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The Man Who Changed the Way We Eat


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#1 Rail Paul

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Posted 08 May 2012 - 09:26 PM

New book from The Free Press, author is Thomas MacNamee.

The review, by Pete Wells, is interesting on so many levels. The transition from cafe society to a foodie society, the ability to review Chock full of Nuts and La Cote Basque in the same column, etc. I suspect Mr Claiborne would be delighted with many of the things we take for granted, more than a decade after his death.

I was pleased to see the mention of Lucius Beebe. He's a wonderful example of the cafe society which was passing away as Claiborne arrived.

What is most striking, though, are the head-snapping juxtapositions of linen and linoleum. In one column, Claiborne recommended both a Neapolitan pizzeria and the Colony, the hive of society where Sirio Maccioni studied the art of seating arrangements. In another, Claiborne praised the kitchen at La Côte Basque but had more to say about the food at Chock Full o’ Nuts: “There are more than 30 of these first-class establishments in New York. They are neat as a whistle and the sandwiches and pastries are of a high order.”

Readers who questioned whether Claiborne really put such different genres of dining on an equal footing would learn the answer the day he began handing out stars.

In a basement near Battery Park, Jimmy’s Greek American Restaurant prepared moussaka and braised lamb for lunch customers who served themselves by walking right into the kitchen. Claiborne gave the place two stars.

(snip)

Claiborne’s reviews were just one part of that model. He wrote about changing tastes in the White House kitchen, stood by the stove with home cooks who showed him how to prepare tortillas, and reported on the rise of nouvelle cuisine in France. He traveled, most famously to Paris for a $4,000 dinner that he wrote up on the front page, but to more far-flung locales, too.

“I think people were sort of astonished when he did things like he went to Vietnam during the war and sat there within the sound of gunfire, and discovered things like shrimp on a stick,” said Mr. McNamee, Claiborne’s biographer. “He was able to go to Alaska and eat blubber and moose liver and write about it in this strange trance. He seems to take everything in stride. I think this sort of nervelessness helped him bring people around to just trying anything.”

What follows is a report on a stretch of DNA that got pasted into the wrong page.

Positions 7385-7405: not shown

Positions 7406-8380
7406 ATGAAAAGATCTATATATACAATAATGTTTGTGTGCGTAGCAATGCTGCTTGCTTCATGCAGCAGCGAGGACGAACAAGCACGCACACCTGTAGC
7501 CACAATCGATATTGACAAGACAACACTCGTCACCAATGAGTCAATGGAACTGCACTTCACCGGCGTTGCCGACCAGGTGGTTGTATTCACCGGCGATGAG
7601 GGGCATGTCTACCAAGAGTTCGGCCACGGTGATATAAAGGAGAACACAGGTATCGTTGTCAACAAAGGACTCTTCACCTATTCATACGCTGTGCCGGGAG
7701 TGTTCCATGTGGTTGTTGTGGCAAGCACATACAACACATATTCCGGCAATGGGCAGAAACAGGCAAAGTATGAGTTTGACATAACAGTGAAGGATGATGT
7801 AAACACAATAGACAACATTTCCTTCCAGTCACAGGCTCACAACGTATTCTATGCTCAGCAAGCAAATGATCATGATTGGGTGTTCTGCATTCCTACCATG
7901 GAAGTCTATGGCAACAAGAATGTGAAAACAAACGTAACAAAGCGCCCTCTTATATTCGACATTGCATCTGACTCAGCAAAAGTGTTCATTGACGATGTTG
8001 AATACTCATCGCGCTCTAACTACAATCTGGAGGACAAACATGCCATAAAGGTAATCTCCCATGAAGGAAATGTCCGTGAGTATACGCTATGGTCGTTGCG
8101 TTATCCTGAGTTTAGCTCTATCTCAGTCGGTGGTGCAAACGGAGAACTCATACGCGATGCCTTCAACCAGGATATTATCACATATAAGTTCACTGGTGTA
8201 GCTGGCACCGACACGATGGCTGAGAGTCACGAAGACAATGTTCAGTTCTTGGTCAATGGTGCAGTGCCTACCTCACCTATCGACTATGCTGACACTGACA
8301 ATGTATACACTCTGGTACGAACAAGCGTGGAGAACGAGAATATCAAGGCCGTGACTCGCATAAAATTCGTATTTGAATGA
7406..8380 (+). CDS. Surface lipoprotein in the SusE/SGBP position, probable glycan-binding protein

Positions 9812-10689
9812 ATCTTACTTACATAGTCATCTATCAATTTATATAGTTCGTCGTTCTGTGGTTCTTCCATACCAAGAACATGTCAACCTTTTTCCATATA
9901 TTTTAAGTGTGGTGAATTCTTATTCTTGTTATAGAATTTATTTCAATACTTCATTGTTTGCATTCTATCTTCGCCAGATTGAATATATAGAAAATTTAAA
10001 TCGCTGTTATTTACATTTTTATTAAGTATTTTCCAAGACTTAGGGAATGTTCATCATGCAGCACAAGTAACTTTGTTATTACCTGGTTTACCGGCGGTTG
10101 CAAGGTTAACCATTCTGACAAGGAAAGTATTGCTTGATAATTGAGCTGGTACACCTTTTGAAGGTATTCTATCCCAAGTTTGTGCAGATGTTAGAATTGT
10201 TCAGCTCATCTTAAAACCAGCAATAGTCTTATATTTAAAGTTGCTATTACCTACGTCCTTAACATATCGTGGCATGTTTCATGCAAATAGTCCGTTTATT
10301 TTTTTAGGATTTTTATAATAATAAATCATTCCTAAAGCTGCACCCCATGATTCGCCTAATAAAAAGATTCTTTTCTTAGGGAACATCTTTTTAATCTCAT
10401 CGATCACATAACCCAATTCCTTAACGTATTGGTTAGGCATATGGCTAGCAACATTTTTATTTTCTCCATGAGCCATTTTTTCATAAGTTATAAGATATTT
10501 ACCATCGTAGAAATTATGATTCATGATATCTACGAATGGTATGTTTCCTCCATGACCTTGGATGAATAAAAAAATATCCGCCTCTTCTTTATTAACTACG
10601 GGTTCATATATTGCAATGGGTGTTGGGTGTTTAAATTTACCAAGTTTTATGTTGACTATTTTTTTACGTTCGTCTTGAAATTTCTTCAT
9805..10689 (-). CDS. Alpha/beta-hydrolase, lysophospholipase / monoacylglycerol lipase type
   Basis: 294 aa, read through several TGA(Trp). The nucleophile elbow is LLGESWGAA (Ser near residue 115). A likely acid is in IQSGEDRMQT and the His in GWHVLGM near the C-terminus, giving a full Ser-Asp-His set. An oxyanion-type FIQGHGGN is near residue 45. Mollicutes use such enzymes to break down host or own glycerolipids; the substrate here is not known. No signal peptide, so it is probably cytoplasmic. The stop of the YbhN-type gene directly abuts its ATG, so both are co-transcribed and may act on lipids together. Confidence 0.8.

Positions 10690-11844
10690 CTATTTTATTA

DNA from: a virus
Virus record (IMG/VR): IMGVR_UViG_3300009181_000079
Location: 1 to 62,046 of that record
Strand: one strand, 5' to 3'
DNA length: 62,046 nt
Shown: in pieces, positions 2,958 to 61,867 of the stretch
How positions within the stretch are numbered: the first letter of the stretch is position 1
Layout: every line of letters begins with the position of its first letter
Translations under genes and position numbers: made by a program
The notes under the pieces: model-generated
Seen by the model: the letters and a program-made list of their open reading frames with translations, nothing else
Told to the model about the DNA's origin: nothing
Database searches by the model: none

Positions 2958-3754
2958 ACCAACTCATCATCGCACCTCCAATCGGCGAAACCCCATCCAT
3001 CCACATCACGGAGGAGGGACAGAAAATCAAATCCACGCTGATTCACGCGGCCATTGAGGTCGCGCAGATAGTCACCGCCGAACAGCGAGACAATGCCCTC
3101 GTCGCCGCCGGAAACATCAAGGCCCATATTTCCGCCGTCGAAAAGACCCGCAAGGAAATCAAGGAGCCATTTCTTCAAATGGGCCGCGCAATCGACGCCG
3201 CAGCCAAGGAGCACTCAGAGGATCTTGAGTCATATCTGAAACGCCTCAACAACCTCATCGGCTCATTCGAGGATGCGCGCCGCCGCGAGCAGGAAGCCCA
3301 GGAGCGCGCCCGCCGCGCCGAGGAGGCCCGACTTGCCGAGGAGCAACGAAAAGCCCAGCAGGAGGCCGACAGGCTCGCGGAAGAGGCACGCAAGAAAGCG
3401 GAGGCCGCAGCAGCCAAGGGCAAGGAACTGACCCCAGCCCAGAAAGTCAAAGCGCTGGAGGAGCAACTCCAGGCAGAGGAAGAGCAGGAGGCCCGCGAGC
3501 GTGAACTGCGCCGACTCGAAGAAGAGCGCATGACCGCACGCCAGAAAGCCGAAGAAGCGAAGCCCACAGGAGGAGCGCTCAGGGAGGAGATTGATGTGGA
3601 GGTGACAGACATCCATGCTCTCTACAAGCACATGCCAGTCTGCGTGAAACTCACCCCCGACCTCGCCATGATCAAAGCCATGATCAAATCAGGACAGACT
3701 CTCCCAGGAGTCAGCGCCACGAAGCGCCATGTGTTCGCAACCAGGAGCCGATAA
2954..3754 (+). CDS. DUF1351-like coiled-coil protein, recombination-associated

If every meal could be critiqued, even a doughnut at the counter of Chock Full o’ Nuts, then everybody could be a critic. Followed far enough, this road leads to Yelp. But it also leads to thousands of Americans treating each meal not as mere nourishment, and not as a reinforcement of social status, but as a chance to taste something new and wonderful.

Influential as he became, Claiborne seemed not to enjoy his power, or much else about the job. “At times I didn’t give a damn if all the restaurants in Manhattan were shoved into the East River and perished,” he wrote in his memoir. “Toward the end of my days as restaurant critic, I found myself increasingly indulging in drink, the better to endure another evening of dining out.”


Craig Claiborne

“Jazz musicians just get better and better as the years go by. I think chefs are the same way. You know who you are.”

 

...Jonathan Waxman


#2 Sneakeater

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Posted 08 May 2012 - 09:42 PM

Of course, to give out stars that way, you have to be Craig Claiborne.
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#3 foodie52

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Posted 09 May 2012 - 12:09 AM

Thanks for this. Just bought it for my Kindle. Great travel reading.
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#4 FoodDabbler

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Posted 09 May 2012 - 12:15 AM

America seems to have a steady supply of people who change the way she eats --
Julia Child, Craig Claiborne -- without, in fact, changing the way she eats.

#5 Rail Paul

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Posted 09 May 2012 - 12:36 AM

America seems to have a steady supply of people who change the way she eats --
Julia Child, Craig Claiborne -- without, in fact, changing the way she eats.


I'd suggest that Tom Carvel, Ray Kroc, and Don Tyson probably changed the way America eats, at least more than Julia and Alice Waters, etc.

Carvel - developing a viable structure for food franchising, royalties, and oversight